Having established that northern mid-latitude forests are sequestering vast quantities of carbon, Wofsy decided to run the same longer-term experiment in a boreal forest in central Canada and in a tropical forest in Brazil. He learned that those ecosystems are quite different.

In boreal forests, growing seasons are short, there is very little rainfall, nutrients are few, and the trees don't get very big. But underlying the forest there is a lot of peat, the remains of moss that has been building up for 5,000 to 7,000 years. The moss grows slowly, but it accumulates because the soils tend to be saturated with water or to be frozen as part of a discontinuous permafrost. "We call this a cold desert," says Wofsy, "because it gets only about 11 inches of rainfall a year, but the climate is cold enough that evaporation is even less." The combination of cold and wet preserves the peat. Recently, however, the climate has warmed in this area, and there is a good chance that the peat is no longer stable over the long term.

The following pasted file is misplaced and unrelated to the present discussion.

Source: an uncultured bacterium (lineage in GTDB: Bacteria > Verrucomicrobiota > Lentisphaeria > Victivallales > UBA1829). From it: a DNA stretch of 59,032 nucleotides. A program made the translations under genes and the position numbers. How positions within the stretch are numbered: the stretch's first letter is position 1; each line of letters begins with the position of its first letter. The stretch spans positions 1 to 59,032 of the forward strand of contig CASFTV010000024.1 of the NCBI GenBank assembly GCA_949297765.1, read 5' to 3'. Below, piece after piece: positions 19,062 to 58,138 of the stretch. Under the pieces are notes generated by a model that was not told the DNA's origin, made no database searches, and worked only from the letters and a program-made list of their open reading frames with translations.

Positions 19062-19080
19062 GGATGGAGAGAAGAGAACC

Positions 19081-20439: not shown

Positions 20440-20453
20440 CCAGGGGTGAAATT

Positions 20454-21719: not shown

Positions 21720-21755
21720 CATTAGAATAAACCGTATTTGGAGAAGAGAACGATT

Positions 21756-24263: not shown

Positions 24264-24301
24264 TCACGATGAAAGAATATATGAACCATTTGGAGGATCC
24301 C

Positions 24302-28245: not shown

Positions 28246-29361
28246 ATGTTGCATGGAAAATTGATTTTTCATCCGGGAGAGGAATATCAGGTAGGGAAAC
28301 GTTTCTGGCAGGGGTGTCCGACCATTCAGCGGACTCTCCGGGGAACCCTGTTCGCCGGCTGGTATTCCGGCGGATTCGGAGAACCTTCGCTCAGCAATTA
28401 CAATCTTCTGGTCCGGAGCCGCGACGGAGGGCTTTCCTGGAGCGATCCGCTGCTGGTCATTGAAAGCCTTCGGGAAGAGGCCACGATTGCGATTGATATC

Why should that matter? "If you took all the peat in Canada and Russia and turned it into CO2" by burning, Wofsy says, "you would double the amount of CO2 in the atmosphere. It took 5,000 years to make it, but it doesn't take much to get rid of it," because it can catch fire. Intense conflagrations burn all of the dried peat in a forest. "Usually, just a foot or so of peat is dry enough to burn, but if all two meters dry out as climate warming trends continue," he cautions, "the full accumulation could be released to the atmosphere over perhaps 50 years."

Given that threat, Wofsy is now studying boreal forest hydrology, or water balance, in order to gauge the peat's long-term stability. He already has temperature measurements dating back to 1994 of the permafrost in the immediate area where he has been working. They show that temperatures deep in the soil are rising. "It is only one spot," he cautions, "and it is not something that we would be able to extrapolate to the whole region, but we don't think it is atypical."